- Cloud-hosting services suffering from buyers’ remorse.
- Many in the UK return to on-prem.
- Limited use-cases for cloud?
The technology space runs on hype cycles. In 2023, talk of AI superseded the previous year’s metaverse speculation. Before that, we saw blockchain and distributed ledger technologies becoming the industry’s darling, fueling a boom-bust in cryptocurrency speculation that made – and lost – billions of dollars. A decade earlier, cloud computing dominated the technology industry’s press pages.
But it’s worth noting that the subjects of the hype du jour are, more often than not, created by vendors keen to massively over-promote their wares. As is the case in almost every commercial offering, the impetus to find something new to sell creates answers to questions that have yet to be asked.
But after the hype has died down, the gray dawn of reality begins to shed light on the decisions made just a few years ago. And in the case of cloud computing (hindsight has reduced the phrase to lower case), the aftertaste of cloud adoption is dominated by the flavor of overspending, with acid notes of unused capability.
UK turns away from cloud-hosting services
According to a survey by Citrix of UK-based IT leaders as reported by InfoWorld, 43% of respondents said moving applications and associated data to the cloud from on-premise was more expensive than they’d thought. Nearly a quarter (24%) said cloud solutions were failing to meet expectations.
The three big promises of cloud computing were agility/scalability, lower cost, and access to cutting-edge innovation. If we translate the ‘lower cost’ into ‘OPEX, not CAPEX’ (shifting figures around a spreadsheet), what’s interesting about the remaining two benefits is that both refer to infrastructure, not what happens on that infrastructure.
Cloud hosting services allow applications to run on systems that can scale according to changing levels of demand. But without significant re-engineering or even rewriting, many applications simply can’t take advantage of the rapidity of scale-up/down on offer. The exception is data storage, which can easily be expanded, given deep enough pockets.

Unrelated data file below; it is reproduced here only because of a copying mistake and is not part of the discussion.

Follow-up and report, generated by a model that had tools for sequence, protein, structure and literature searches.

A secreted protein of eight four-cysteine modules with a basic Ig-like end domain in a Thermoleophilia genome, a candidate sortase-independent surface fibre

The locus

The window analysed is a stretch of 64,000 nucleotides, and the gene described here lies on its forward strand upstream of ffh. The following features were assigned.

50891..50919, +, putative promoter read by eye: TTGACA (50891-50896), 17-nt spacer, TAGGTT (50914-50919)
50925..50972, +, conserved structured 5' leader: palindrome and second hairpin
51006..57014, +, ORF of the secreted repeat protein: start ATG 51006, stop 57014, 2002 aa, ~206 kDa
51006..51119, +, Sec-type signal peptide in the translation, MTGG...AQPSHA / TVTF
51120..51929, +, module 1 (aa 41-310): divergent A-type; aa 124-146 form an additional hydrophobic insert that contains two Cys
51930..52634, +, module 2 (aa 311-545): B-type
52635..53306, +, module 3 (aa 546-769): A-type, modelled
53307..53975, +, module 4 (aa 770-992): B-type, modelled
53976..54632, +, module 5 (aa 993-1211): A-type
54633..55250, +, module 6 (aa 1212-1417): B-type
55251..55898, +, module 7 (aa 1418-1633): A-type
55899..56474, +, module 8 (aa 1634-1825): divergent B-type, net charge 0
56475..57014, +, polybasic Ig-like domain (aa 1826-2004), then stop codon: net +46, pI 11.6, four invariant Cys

But most applications that have been in reliable production for more than the blink of an eye gain little from being cloud-hosted. The obvious exceptions are applications written using microservices: containers that can be quickly replicated and torn down. ‘Cloud-native application’ has become a differentiating term denoting a code base divided into replicable elements that can be controlled independently.
Access to cutting-edge technologies, cloud’s third great hope, is in no way unique to cloud vendors. There’s a degree of automation in creating new infrastructure, which is certainly made simple. But organizations demand systems without vendor lock-in so that they can, theoretically at least, migrate from cloud to cloud to hunt down the best value for money. Attempts by cloud vendors to make open source technologies unique (MongoDB on AWS is a good case in point) are heading for failure.
And therein is the core lesson about cloud computing. What’s offered is most simply described as ‘someone else’s computer .’ There are layers of usability placed on top, and users can choose from a menu of pre-vetted platforms and technologies that ‘just work.’ And that facility may be useful if, for example, users create new applications based on microservices that operate on data already embedded into cloud-based workflows. But as nearly half of UK IT decision-makers have found, doing so can be more expensive than was predicted.
Why containers, after all?
It’s also worth noting that the industry standard for fleets of containers, Kubernetes, dedicates a great number of lines of code to what should happen when containers crash: keeping systems going when component parts fail. Less fashionable but more mature technologies, like VMs or FreeBSD jails, may not be as glamorous in boardroom discussions but offer a more solid basis on which to build out new features on relatively reliable existing applications.
Companies hoping to sidestep the IT staff shortage may also look at the big cloud vendors for solutions. But the slew of AWS/GCP certifications now available indicate that trained and therefore expensive personnel are a pre-requisite, regardless of where systems are located.
Cloud-hosting services don’t offer their facilities primarily for the good of users. They aim to have as many users signed up as possible, whether or not their clients’ needs are best met by what’s on offer. It’s a good match in some cases, but more companies who rode with the ‘stampede to the cloud’ are regretting being caught up in the melee.